More about: Espresso Coffee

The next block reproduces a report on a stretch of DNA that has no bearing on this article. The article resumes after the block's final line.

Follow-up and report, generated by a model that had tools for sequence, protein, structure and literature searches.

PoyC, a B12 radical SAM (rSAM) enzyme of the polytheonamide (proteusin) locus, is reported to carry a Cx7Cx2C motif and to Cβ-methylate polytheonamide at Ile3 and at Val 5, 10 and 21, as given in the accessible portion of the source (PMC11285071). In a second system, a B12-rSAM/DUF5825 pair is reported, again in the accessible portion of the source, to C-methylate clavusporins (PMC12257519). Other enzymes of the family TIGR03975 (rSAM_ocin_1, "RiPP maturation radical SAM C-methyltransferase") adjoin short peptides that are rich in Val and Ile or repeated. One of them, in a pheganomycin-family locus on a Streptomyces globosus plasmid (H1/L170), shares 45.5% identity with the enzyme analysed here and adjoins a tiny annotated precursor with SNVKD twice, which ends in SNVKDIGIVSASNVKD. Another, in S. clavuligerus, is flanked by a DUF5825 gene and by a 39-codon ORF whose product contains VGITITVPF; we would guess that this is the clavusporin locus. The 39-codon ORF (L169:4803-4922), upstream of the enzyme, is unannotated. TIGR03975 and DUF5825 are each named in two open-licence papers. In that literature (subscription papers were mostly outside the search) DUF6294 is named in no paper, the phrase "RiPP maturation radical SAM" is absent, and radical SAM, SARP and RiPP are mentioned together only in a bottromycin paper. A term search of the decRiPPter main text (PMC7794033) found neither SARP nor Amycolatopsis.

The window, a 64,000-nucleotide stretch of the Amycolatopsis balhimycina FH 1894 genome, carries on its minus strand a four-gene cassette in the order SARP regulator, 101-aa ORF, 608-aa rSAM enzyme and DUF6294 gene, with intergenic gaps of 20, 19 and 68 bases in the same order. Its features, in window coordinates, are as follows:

Espresso is an Italian coffee brewing tradition that can be traced back to the early 1900s in Milan. Espresso is Italian for express and refers to the fact that the coffee must be drank quickly. In 1901 Luigi Bezzera patented a machine where vapor pressure pushed water through the ground coffee. In 1903, the patent was sold to Desidero Pavoni, who first put the idea into production and thus started a tradition that would later become a cornerstone of Italian bar culture. (La Pavoni espresso machines). The ground coffee is stamped and held between two filters and 90 degrees hot water is pressed through the coffee with 9 bars. It is important that the coffee is finely grinded and stamped so that a suitable back pressure is created, so that the throughput time is approx. 25 sec. and the amount of coffee in the cup will be approx. 25 ml. Traditional Italian espresso coffee is typically a blend of up to 7 different kinds of raw coffee. Robusta is approx. 10% in the vast majority of blends as this is cheaper and also gives cream. Many people think that Italian coffee is something particularly refined, but the truth is that, statistically speaking, Italy is among the countries that import the cheapest qualities in Europe. This is in part the result of great competition among Italian coffee holidays, but must also be seen in the light of the traditional Italian brewing method. It is the most volatile flavors that are the best. That is, it is the first drops drawn out of the coffee that are the best. Since a classic espresso is very short and is consumed with large amounts of sugar, the quality of Danish coffee is not as high. Most have only good coffee experiences from Italy, and this is due to the operation of the coffee machine, (cleaning, adjusting the grinder, preheating cups, etc.), than the real quality.